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Arbery trial jury selection enters week 3

Glynn County courthouse
Glynn County courthouse
Published: Nov. 1, 2021 at 7:07 AM EDT|Updated: Nov. 1, 2021 at 3:24 PM EDT
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BRUNSWICK, Ga. (WTOC) - UPDATE: The tenth day of jury selection in the Ahmaud Arbery murder trial started with the judge deciding to take someone off the qualified juror list, dropping the number of qualified jurors from 55 to 54.

The person was removed because she needs to pick up her child every evening and the judge could not guarantee that court would be wrapped up in time for her to make it.

The prosecution and defense need to qualify ten more potential jurors to get to the 64 finalists to actually pick the jury from.

Monday’s screening process involved 17 potential jurors. Several from that group have already been eliminated from consideration for a variety of reasons. Some of those include age exemption, for those over 70 who just don’t want to, to folks who told the attorneys they have already made up their mind about guilt or innocence and cannot be persuaded differently.

Even though we’re still in jury selection, the lawyers in the courtroom are saying they expect the whole trial will be done by Nov. 19.

The City of Brunswick decided to close the municipal courthouse starting Monday, until November 29th. Brunswick’s city manager says the decision came down to a staffing issue.

City Manager Regina McDuffie says several Brunswick police officers are committed to the Glynn Unified Command, providing everything from traffic control to security near the courthouse. That leaves fewer officers available for city court operations.

“It would be taxing on the law enforcement. Plus it would be very, I guess uncertain about who would be able to support the court during that time,” said City Manager Regina McDuffie.

McDuffie says everyone with a case in city court who had their court date changed will get a notice about it. She adds that over the course of the pandemic, people have become more accustomed to paying fines online, so she doesn’t think the temporary closure will cause too many issues.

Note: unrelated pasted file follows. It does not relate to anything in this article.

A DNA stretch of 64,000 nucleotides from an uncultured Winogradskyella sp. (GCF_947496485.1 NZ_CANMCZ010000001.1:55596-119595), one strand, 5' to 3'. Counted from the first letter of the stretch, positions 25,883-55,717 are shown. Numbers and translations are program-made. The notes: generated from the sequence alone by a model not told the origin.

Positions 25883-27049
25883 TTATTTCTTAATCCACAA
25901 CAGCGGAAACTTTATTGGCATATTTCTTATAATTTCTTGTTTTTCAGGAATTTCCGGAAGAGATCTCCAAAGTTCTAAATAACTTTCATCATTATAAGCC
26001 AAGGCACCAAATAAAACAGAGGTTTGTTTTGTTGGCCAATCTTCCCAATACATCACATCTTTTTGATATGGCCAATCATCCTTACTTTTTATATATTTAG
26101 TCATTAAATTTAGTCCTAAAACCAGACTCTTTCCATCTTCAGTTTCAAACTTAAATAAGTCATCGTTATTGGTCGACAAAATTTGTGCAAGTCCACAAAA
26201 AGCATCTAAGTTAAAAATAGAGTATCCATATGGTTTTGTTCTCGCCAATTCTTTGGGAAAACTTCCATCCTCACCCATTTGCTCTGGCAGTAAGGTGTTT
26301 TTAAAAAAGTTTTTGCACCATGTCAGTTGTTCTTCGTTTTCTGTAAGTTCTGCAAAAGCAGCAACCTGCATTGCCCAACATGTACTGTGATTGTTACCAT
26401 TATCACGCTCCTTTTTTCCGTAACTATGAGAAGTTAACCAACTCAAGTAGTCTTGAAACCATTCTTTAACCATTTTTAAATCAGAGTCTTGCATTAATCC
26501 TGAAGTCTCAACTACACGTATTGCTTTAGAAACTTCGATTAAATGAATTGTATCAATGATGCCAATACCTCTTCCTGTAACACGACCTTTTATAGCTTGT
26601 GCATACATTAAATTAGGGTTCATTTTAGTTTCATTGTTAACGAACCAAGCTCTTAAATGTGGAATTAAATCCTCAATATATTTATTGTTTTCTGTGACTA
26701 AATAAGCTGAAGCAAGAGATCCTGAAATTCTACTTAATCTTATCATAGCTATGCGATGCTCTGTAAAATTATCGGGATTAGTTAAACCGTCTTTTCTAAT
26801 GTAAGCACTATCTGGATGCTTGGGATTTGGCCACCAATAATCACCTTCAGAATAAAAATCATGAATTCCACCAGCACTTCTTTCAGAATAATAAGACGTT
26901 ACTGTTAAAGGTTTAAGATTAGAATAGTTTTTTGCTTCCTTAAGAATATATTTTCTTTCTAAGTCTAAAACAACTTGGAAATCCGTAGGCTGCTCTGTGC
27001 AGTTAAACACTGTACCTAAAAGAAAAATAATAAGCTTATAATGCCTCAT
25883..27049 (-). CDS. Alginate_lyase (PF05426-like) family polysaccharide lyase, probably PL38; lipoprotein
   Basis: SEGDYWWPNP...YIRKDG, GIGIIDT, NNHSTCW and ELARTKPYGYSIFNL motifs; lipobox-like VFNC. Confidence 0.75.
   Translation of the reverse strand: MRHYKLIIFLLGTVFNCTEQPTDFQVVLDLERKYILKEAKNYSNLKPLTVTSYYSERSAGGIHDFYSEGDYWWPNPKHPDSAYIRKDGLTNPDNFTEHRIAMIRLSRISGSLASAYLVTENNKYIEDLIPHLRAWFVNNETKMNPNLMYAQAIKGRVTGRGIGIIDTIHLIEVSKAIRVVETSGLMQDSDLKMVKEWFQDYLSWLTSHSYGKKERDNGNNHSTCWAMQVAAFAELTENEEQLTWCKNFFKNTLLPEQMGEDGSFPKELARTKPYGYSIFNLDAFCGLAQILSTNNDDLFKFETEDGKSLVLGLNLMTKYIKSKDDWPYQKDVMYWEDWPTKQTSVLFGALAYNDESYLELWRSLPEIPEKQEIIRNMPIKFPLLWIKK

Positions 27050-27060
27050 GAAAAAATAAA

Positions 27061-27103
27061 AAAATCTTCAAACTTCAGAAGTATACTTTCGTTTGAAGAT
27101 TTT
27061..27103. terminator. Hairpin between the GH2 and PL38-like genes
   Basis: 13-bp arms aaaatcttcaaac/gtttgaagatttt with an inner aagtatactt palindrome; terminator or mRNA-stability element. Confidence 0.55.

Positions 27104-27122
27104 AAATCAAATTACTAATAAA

Monday morning, the attorney for William “Roddie” Bryan asked the Court to consider adding more alternates, saying he doesn’t think four is enough. During individual questioning Monday, several potential jurors gave some insight into how they feel about the Arbery case.

One man told attorneys he thinks race played a role in the shooting, adding he didn’t think the events would’ve happened the same way if race had not been a factor. Another potential juror said he believes Arbery’s death was the result of unplanned escalation by the defendants, and they should not have even confronted him. The potential juror also said he doesn’t believe the men on trial had any intent to kill Arbery.

Jury selection continues Tuesday morning.

Monday, Nov. 1 starts day 10 of jury selection in the trial for the three men charged with killing Ahmaud Arbery.

Court will be back in session at 8:30 a.m. at the Glynn County Courthouse, and marks the start of week three in the jury selection process.

Each day so far, potential jurors are asked questions to narrow down the potential juror pool. The number attorneys are looking to reach is 64.

After two weeks, they have identified 55 potential jurors, which will eventually be narrowed down to the final 12 jurors and four alternates.

Dr. Bruce Mallard, Associate Professor of Political Science at Savannah State University, says this phase is all about strategy from the prosecution and defense. Once they get to the grand total of the 64 potential jurors they are looking for, they will go into much more specific questioning to get to the final panel of jurors.

“I think it is possible now that they have a smaller pool. They have done some research on the jurors, they have probably given them a more detailed questionnaire. There is a questionnaire they fill out first that is pretty brief...are you related to anybody in the courtroom? Do you live next door to the judge? Then, it gets fairly specific about some political inclinations, opinions and philosophies,” said Dr. Bruce Mallard, SSU Political Science Associate Professor.

Each side gets a certain number of jurors they can eliminate either with cause or without cause, but Dr. Mallard says they will be cautious to use those strikes because once you have dismissed a juror you might not be able to dismiss someone else later.

This process of narrowing down potential jurors is expected to happen this week. On Monday, they will still be working to get to 64 potential jurors. They need to identify nine more before they can head into the final selection phase before the trial actually begins.

Read more about the case:

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